Role Of Madness In Hamlet And Ophelia

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In the Shakespearian play ‘Hamlet’, the portrayal of madness is one of the driving themes, which widely affects all characters and the main plot. The representation of madness is not only complex, but was cleverly planned out, as the madness between the characters are linked. Because of how intricate the play was written, there is much speculation to be made. There is a debate in the audience over whether Hamlet was truly mad or not - something that will likely never get a definite answer as there are no official writings or explanations to exist. There is also some controversy about the play, concerning the portrayal of Ophelia and the sexist representation of her. The clever aspect of Shakespeare’s plays is that the madness afflicting just …show more content…
Hamlet’s madness is fuelled by a multitude of things, such as grief and anger, and most of all, revenge. Ophelia’s madness is triggered by loss, the loss of her beloved and her father, as well as the absence of her brother. However, despite the fact that they are both considered mad, Hamlet and Ophelia both handle their madness very differently. Hamlet is an almost text-book case of madness, his behaviour fitting almost all of the modern day criteria for insanity. He is irrational and prone to sudden and unexpected mood swings, among other things, whereas Ophelia, while still exhibiting signs of madness, is much calmer and acts more socially acceptable. Though her speech patterns have changed, they are not inconsistent like Hamlet’s are either.. When Claudius says "Madness in great ones must not unwatched go." (3.1.196) though he is speaking of Hamlet, it can also be applied to Ophelia. This shows his recognition of the fact that people who are mad have great influence and power, even more so for someone in Hamlet’s position, who is the crown …show more content…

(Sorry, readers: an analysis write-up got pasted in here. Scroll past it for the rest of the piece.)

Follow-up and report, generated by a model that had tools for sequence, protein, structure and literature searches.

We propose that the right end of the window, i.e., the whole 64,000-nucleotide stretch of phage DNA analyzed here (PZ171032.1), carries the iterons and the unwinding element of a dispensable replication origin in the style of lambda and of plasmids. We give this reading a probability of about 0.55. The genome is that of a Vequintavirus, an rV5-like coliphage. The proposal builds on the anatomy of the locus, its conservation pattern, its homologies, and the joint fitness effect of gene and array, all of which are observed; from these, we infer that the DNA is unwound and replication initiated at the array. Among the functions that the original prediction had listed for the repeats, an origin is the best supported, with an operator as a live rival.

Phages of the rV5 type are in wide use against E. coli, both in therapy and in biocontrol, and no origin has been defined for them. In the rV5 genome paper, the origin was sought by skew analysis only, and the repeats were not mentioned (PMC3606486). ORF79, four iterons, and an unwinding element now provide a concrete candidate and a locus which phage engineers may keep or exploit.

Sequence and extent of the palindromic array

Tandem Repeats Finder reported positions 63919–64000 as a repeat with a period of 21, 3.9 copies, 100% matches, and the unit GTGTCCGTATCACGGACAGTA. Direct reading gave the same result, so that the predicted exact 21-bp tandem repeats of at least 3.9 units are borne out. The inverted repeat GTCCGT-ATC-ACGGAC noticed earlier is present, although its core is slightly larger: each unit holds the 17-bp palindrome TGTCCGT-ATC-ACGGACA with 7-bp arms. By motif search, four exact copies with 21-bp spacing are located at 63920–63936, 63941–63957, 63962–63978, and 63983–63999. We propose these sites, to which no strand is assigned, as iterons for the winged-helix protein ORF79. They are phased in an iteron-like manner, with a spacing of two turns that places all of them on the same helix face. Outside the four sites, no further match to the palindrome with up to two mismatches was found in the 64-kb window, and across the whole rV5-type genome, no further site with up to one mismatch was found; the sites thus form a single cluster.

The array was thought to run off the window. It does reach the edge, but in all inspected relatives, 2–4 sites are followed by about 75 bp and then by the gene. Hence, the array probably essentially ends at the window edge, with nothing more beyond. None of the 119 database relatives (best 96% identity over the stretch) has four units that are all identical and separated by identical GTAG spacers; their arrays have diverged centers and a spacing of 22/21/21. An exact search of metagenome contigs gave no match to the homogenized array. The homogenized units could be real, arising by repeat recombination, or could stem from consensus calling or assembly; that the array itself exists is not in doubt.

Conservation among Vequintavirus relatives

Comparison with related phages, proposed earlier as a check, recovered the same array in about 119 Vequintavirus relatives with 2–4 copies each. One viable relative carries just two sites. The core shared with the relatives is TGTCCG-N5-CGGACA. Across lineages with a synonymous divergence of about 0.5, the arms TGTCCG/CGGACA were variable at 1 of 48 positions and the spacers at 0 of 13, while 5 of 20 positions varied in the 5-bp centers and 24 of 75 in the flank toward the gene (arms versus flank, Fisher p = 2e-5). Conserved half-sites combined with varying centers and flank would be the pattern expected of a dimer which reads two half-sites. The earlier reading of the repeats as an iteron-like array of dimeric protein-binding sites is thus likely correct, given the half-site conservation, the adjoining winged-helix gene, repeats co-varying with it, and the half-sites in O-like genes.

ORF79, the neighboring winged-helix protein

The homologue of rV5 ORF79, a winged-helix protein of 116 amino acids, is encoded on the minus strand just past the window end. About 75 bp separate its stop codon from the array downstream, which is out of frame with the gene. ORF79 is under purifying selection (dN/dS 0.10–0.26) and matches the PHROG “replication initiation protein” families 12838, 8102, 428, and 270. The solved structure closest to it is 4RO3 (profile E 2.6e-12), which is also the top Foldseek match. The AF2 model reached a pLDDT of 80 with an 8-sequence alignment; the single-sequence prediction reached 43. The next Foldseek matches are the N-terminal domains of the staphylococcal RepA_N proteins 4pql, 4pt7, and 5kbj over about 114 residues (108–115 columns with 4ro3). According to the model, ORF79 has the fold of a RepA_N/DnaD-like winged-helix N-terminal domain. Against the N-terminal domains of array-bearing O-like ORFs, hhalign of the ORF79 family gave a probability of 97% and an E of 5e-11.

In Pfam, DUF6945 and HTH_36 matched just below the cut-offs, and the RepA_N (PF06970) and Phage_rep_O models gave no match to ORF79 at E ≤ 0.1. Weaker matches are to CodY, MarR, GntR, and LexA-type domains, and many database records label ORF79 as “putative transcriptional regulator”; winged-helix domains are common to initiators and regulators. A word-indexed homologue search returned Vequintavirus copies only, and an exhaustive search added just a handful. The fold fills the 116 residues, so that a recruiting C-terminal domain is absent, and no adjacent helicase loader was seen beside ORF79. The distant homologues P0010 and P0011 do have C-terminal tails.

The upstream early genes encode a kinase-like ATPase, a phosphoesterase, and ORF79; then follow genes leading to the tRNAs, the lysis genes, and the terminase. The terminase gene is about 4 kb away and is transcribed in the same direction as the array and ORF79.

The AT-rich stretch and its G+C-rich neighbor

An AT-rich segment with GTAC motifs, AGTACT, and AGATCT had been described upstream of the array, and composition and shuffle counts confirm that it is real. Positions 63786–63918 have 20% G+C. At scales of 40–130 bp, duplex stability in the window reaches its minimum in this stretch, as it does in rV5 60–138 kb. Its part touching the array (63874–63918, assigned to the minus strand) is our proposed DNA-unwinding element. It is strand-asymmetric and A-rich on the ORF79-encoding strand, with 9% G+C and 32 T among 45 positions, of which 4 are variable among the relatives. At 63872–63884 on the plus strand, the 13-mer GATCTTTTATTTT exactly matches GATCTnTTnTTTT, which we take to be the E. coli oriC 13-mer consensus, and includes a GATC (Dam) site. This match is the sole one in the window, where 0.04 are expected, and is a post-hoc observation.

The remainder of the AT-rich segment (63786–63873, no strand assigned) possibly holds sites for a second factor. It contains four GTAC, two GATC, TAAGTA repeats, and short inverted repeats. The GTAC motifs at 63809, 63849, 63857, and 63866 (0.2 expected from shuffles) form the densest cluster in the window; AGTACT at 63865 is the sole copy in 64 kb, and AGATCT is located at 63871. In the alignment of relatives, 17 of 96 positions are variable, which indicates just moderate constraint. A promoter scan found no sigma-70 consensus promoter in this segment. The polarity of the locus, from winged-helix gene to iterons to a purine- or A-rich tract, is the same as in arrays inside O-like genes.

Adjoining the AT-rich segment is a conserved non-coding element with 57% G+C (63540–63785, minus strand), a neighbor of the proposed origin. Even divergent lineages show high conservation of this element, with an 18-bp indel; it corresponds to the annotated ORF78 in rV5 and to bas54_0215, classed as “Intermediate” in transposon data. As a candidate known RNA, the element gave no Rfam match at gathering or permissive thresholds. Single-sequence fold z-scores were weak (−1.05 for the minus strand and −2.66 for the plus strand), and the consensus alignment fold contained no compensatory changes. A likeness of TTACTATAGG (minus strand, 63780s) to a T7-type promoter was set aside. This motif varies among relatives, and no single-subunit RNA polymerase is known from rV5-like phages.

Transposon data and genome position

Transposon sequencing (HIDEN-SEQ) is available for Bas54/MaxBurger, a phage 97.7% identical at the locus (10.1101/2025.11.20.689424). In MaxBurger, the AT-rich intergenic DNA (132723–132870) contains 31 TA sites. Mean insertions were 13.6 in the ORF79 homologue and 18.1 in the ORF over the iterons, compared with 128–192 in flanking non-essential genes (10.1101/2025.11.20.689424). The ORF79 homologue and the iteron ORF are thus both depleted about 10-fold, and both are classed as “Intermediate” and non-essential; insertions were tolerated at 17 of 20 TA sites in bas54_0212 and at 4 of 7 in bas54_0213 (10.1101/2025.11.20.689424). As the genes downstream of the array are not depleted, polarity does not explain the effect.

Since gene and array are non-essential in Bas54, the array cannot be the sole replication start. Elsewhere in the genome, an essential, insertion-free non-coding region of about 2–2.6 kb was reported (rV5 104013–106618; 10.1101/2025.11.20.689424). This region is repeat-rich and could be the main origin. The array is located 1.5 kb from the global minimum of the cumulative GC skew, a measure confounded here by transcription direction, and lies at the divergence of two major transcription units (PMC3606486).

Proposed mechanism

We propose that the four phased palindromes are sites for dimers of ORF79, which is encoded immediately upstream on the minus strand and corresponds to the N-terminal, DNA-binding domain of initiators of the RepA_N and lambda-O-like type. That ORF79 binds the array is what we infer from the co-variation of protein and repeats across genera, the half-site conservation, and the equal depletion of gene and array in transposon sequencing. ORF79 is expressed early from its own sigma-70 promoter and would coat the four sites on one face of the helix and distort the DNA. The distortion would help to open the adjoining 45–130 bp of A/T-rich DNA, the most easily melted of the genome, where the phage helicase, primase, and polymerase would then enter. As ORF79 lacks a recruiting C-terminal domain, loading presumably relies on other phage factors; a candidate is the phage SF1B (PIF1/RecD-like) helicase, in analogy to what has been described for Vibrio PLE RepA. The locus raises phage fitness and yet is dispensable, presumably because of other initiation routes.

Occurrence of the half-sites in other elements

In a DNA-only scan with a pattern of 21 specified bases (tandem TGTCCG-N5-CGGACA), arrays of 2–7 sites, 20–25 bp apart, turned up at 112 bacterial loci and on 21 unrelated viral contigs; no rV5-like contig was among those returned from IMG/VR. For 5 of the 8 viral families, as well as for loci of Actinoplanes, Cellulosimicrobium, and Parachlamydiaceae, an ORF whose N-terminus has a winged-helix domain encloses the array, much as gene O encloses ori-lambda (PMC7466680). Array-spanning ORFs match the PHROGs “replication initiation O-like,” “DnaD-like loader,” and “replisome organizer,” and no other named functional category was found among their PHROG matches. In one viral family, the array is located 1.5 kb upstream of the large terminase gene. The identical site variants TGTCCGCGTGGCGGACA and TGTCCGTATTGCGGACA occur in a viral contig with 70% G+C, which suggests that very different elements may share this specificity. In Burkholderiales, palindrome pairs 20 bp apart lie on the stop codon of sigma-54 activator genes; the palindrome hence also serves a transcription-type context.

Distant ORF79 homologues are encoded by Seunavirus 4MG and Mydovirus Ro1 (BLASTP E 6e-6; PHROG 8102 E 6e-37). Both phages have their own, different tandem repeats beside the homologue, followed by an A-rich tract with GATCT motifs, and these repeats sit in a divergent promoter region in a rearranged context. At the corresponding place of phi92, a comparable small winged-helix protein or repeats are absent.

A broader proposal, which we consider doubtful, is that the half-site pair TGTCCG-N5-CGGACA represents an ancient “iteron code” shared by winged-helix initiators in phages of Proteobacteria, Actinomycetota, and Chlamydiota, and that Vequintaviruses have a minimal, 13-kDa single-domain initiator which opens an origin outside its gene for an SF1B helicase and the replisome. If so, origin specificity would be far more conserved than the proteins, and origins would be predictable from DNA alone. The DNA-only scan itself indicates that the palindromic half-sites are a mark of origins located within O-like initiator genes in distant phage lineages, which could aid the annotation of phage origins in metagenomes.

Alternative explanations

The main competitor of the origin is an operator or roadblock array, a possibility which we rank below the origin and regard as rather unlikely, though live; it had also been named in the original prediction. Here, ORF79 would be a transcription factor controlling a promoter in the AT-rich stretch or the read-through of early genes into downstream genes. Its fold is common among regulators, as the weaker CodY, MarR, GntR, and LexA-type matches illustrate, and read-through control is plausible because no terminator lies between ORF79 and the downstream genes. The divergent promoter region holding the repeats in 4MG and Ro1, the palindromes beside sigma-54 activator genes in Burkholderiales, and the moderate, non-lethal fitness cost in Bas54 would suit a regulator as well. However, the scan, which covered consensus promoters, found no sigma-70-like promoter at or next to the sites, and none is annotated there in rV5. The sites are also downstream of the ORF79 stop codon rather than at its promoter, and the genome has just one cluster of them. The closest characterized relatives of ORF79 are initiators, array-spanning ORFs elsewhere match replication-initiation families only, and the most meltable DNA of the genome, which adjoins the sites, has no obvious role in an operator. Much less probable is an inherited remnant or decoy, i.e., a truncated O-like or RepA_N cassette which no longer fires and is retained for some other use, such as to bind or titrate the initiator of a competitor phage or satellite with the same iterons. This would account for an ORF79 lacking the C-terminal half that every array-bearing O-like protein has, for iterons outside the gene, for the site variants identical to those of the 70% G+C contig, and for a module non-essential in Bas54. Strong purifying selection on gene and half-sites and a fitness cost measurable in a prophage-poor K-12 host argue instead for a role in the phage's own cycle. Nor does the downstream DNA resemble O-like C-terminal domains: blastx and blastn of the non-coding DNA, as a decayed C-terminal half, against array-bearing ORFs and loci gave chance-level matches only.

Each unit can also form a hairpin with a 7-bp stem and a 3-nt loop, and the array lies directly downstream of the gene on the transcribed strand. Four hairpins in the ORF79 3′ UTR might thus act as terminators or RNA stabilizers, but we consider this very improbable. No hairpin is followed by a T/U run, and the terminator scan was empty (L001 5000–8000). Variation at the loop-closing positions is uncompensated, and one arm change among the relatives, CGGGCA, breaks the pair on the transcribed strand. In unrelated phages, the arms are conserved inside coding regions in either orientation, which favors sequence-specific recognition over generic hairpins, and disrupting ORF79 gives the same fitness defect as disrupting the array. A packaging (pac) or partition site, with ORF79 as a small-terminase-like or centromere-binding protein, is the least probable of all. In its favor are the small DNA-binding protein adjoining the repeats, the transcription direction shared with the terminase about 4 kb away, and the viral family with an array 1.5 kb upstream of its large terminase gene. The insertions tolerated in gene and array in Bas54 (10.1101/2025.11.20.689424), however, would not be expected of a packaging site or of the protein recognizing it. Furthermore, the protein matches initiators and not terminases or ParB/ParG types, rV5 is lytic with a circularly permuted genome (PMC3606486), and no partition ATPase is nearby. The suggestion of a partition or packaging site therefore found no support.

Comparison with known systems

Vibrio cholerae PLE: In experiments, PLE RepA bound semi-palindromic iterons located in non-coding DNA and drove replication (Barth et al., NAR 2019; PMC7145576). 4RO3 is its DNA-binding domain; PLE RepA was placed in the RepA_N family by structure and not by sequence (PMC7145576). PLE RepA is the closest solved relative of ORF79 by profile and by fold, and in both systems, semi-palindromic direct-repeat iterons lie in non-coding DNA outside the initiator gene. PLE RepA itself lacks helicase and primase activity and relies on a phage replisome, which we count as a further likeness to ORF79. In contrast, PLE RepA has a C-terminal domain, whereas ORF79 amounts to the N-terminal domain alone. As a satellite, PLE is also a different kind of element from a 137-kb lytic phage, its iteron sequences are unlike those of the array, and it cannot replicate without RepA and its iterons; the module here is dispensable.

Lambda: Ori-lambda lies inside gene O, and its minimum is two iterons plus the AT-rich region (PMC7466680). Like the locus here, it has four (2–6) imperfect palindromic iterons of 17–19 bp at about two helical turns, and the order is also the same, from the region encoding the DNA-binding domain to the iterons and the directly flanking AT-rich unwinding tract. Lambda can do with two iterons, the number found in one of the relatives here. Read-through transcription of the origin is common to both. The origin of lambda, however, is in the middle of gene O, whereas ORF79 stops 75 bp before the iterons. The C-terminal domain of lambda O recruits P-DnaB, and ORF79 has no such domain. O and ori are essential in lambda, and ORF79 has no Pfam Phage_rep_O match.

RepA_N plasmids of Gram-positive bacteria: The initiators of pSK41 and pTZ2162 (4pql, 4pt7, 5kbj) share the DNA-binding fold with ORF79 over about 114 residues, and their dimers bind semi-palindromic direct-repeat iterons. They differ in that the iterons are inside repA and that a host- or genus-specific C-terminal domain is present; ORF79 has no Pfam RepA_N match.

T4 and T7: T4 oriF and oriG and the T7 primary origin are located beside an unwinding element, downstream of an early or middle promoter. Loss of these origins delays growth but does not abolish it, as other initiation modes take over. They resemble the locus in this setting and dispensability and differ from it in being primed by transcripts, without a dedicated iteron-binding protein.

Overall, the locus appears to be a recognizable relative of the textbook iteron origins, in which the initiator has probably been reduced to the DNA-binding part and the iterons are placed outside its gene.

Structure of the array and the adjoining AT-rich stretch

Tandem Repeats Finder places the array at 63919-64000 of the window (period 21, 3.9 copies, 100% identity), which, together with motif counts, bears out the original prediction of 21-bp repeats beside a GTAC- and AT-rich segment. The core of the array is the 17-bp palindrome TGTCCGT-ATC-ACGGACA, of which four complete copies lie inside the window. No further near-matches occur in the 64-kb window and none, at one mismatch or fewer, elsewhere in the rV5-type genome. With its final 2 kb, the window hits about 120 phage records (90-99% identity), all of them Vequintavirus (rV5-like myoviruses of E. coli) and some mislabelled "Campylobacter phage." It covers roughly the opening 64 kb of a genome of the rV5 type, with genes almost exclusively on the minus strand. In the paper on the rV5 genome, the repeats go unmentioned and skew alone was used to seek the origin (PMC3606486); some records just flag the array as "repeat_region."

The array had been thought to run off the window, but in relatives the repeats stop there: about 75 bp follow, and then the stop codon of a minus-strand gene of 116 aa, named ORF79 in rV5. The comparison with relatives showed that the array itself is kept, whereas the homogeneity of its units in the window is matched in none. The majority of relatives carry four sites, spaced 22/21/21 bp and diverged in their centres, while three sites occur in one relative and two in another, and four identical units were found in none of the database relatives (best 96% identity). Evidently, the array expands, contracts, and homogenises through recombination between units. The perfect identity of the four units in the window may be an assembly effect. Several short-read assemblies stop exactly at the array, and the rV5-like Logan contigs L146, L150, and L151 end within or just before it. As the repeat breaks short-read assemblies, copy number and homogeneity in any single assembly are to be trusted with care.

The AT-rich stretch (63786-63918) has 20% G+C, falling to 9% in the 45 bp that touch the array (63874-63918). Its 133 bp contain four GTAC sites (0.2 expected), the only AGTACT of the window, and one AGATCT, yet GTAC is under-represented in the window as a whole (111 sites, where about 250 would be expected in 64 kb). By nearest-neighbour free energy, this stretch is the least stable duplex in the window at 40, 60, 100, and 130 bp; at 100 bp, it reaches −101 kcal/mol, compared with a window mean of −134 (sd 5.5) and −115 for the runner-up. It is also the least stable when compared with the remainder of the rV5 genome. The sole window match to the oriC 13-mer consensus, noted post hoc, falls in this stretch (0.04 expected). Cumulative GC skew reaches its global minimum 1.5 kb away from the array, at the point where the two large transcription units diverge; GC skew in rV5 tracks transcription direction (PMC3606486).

Hamlet says “How strange or odd some’ver I bear myself, as perchance hereafter shall think meet To put an antic disposition on.” (1.5.170-173). He plans to act mad as part as his scheme for revenge, though Hamlet would have to be an extremely good actor to be able to act the way he did. His behaviour, mood swings and consistently irregular speech patterns show that he could truly be mad, as well as the fact that his moments of clarity become fewer and farther apart. As the play progresses, he starts to have very few times where he acts sane. There is speculation that at first, Hamlet did truly put on an act, but he later got so immersed in his act that he did truly become mad, which explains why his moments of clarity come very few and far apart in the later parts of the play. Hamlet’s madness does affect the plot of the play quite significantly, as if Hamlet had not been mad, many of the key events would not have occurred the way they had. Hamlet’s actions and behaviour are irrational, and though he spends much time agonising over his plans, they are poorly thought out. Had he been sane, his plans for revenge wouldn’t have been blinded and weak, and his thought process would have been much smoother, meaning that things would not have been so dramatic. His behaviour affects not only

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